If there is one plans thing that was pretty poor in the elevator, it is the fact that it isn't pointed out if the counterbalance skin goes over or under the elevator skins until AFTER you get the parts together. So, before you rivet the counterbalances onto the elevator, read ahead in the plans so you get this right. Other than that, the elevators aren't too bad to build and understand. I did decide to use proseal for the trailing edges, since you have to use that for the foam ribs anyway.
|As we got to the end of March,
it was time to start on the tailcone. The snow photo
above is from March 31st...yes, we still don't have the
whole road free of snow yet, and March is over. For
the tailcone, I noticed by reading ahead in the plans that
there were quite a few times when you stop and prime
parts, so to save that hassle, I decided to go through
each section twice....the first time I would just prepare
the parts, deburring everything, cutting any parts that
need fabrication, and then priming them all. I'd
still prime the skins in sequence but at least the skins
would be the only thing I'd slow down for. That
worked out real well for me. I warned the kids early
on that the Tailcone, if anything like the RV-10, would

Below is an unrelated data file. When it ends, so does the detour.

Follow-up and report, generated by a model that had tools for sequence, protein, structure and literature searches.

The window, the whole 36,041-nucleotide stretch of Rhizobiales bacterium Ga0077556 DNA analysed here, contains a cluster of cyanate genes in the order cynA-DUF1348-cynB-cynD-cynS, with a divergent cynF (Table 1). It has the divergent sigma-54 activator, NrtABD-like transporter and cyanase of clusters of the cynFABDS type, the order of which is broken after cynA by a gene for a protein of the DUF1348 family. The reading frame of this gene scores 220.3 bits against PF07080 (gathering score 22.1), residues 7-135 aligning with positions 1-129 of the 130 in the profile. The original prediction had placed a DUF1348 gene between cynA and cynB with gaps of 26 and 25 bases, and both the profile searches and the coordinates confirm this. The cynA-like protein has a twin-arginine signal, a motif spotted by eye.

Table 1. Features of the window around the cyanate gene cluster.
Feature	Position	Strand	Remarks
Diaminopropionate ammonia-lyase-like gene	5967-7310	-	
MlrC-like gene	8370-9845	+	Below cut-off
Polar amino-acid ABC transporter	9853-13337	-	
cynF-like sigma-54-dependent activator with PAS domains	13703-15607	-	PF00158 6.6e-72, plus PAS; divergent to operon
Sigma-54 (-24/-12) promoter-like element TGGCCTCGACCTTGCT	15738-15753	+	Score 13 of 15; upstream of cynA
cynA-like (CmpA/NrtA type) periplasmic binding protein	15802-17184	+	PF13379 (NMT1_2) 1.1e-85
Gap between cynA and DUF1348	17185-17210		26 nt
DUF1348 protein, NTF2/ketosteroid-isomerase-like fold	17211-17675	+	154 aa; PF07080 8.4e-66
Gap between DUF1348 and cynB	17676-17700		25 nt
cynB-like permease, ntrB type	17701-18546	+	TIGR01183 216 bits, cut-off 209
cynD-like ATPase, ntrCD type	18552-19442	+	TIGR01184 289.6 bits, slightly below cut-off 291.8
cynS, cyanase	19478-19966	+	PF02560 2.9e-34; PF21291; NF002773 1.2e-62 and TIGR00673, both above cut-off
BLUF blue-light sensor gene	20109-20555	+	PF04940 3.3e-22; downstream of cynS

build really fast and we'd be done with it soon. As
it turns out, that's right. It was only about 12
days total, with many many days that I didn't work on it
at all. Just a few building sessions.
|Plans wise and parts wise, the
tailcone has been the worst of the sections I've found so
far. I've found quite a few missing things in the
plans, or places where either you should or shouldn't
dimple, that weren't called out. There were some nut
plates that weren't included with the hardware that were
in the plans, and there was a bag of hardware that was
listed in the inventory but not included. So
building the tailcone you will want to pay a closer amount
of attention to future pages so that you do things just as
they need to be.
It takes almost no time to get something that looks like a tail of an airplane...this section is very rewarding that way. And, it was great to finally get ALL of the parts out of storage and get everything put together.
For riveting the side skins on, I had great help in one of the girls. We flipped it upside down so I could rivet from the outside while she bucked them on the inside. That worked really well. See the above and below photos for that.
|During the installation of the
side skins, there are a couple of places where you have to